The following week before a rehearsal, I asked my wife to stop at the convenience store and for the first time in my life, I bought a pack of smokes. Those that know me will tell you I am not a smoker. I do enjoy the occasional cigar here and there, but I’ve never been able to figure out the attraction to cigarettes, personally. However, I had no doubt in my mind that Fender was a smoker and did not hide the fact. So I hopped out of the car, walked into the store and did what I had to do……..while in character. It was probably one of the most awkward conversations ever since I was not well versed in the brands or sizes available. In addition to that, the guy behind the counter had a look on his face that said even though I didn’t look like I was under the age of 18, he should probably ID me anyway. I’m certain he thought I was nuts. But I……Fender…..emerged victorious from the store, pack of smokes in hand and into his wife’s ……. my wife’s…. Toyota Corolla. Bad-ass!
The pieces had all come together, but I feel like I finally transformed the moment I got into costume and makeup the night of the first show. The second I finished putting on my thick eyeliner and leather jacket, I ceased to be Chris and became Fender. That night I sold tickets to rock concerts 30 years gone. In one evening, I had dispersed my whole stash of drugs (also known as bulk quality oregano). I had alienated and bullied class mates. I hit on women with some of the cheesiest and worst pickup lines mankind could ever use and been rejected with a grin on my face that said, “whatever!” I was constantly taking hits from my flask and cigarettes were littered all over the floor. I was even confronted by a cop in the audience – my crowning achievement. That first night flew by and by the time it was over (nearly 5 hours later) I had held a cigarette in the corner of my mouth for so long that my lips began to crack and left blood on the filter tip. I took of my shoes to find blisters I didn’t even know were there. The leather jacket I was wearing was insulated for winter conditions; my shirt was soaked with sweat, my eyeliner was streaking and I was a exhausted. The best part was realizing that I would get to do it all over again the next day.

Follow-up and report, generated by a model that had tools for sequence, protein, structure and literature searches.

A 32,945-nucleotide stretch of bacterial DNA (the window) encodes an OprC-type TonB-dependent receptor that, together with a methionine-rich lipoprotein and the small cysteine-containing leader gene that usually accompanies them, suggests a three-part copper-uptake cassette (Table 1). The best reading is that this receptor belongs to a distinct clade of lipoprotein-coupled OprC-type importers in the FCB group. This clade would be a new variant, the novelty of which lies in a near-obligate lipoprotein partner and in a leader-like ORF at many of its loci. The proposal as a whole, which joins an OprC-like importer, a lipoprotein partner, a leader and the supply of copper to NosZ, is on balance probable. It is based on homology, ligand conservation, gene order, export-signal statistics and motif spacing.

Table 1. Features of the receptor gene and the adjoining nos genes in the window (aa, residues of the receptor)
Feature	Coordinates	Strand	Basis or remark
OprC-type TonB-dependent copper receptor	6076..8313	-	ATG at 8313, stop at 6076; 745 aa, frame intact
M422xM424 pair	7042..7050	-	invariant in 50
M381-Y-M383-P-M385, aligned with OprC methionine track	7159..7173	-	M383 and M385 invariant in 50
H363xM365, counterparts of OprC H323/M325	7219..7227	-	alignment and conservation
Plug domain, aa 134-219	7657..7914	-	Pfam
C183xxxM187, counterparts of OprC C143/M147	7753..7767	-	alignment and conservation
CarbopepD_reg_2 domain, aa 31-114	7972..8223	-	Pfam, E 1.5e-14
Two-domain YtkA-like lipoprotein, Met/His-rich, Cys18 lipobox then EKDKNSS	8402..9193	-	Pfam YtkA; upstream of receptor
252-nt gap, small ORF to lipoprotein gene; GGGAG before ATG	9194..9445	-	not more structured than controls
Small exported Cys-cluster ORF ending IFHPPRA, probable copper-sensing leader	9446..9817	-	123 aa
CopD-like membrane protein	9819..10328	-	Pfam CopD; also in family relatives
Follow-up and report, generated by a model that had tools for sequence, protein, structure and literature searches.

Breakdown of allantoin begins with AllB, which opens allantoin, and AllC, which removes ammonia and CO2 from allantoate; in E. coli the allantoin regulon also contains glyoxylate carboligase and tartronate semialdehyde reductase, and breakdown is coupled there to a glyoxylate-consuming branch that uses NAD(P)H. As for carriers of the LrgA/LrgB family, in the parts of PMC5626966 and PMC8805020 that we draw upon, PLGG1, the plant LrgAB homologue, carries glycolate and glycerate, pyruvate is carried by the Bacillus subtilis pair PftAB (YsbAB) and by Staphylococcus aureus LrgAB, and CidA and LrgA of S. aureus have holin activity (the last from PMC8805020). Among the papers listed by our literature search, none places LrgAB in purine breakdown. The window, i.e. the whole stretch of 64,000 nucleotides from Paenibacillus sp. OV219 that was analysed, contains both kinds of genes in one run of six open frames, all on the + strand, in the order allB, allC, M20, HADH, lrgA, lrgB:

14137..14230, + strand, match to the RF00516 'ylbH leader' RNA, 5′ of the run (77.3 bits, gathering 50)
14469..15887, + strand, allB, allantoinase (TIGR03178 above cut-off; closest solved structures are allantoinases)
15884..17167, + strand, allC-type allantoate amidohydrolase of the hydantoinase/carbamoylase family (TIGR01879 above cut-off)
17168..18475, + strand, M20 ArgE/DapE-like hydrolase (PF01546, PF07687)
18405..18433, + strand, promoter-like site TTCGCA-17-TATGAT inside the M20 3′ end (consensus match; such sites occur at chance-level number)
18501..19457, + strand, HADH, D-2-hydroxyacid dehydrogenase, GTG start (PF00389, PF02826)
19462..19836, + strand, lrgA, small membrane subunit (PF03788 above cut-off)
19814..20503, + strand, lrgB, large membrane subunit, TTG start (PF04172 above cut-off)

Here I am a week later. The eyeliner is gone. The leather jacket is hung up. The cigarettes are in the trash. Nick Fender is gone. Now there’s only me and Nick is nothing but a memory. My social media and e-mail is rapidly filing with pictures and video of someone I have a hard time recognizing.
I have done a fair amount of theater over the last few years and I am proud of the job that did in acting with those roles and what I was able to accomplish with them. This time felt different. In the past, I feel like I tried to act the way I thought my character should be. This time that approach did not work. I found my character so elusive and challenging – I knew I would have to go further. I couldn’t just act the character. It wasn’t enough to simply rehearse the character. I actually had to get inside the mind of the character; to step out of who I was and into the person I had slowly discovered over the course of two months. Looking back now, my exchanges with the character have taken a toll on me both emotionally and physically. I have gone further with a character than I have ever done before. Now I find myself exhausted, bloodied and worn out…..but extremely happy.
I will always remember my time with Nick Fender……and his magical night at prom.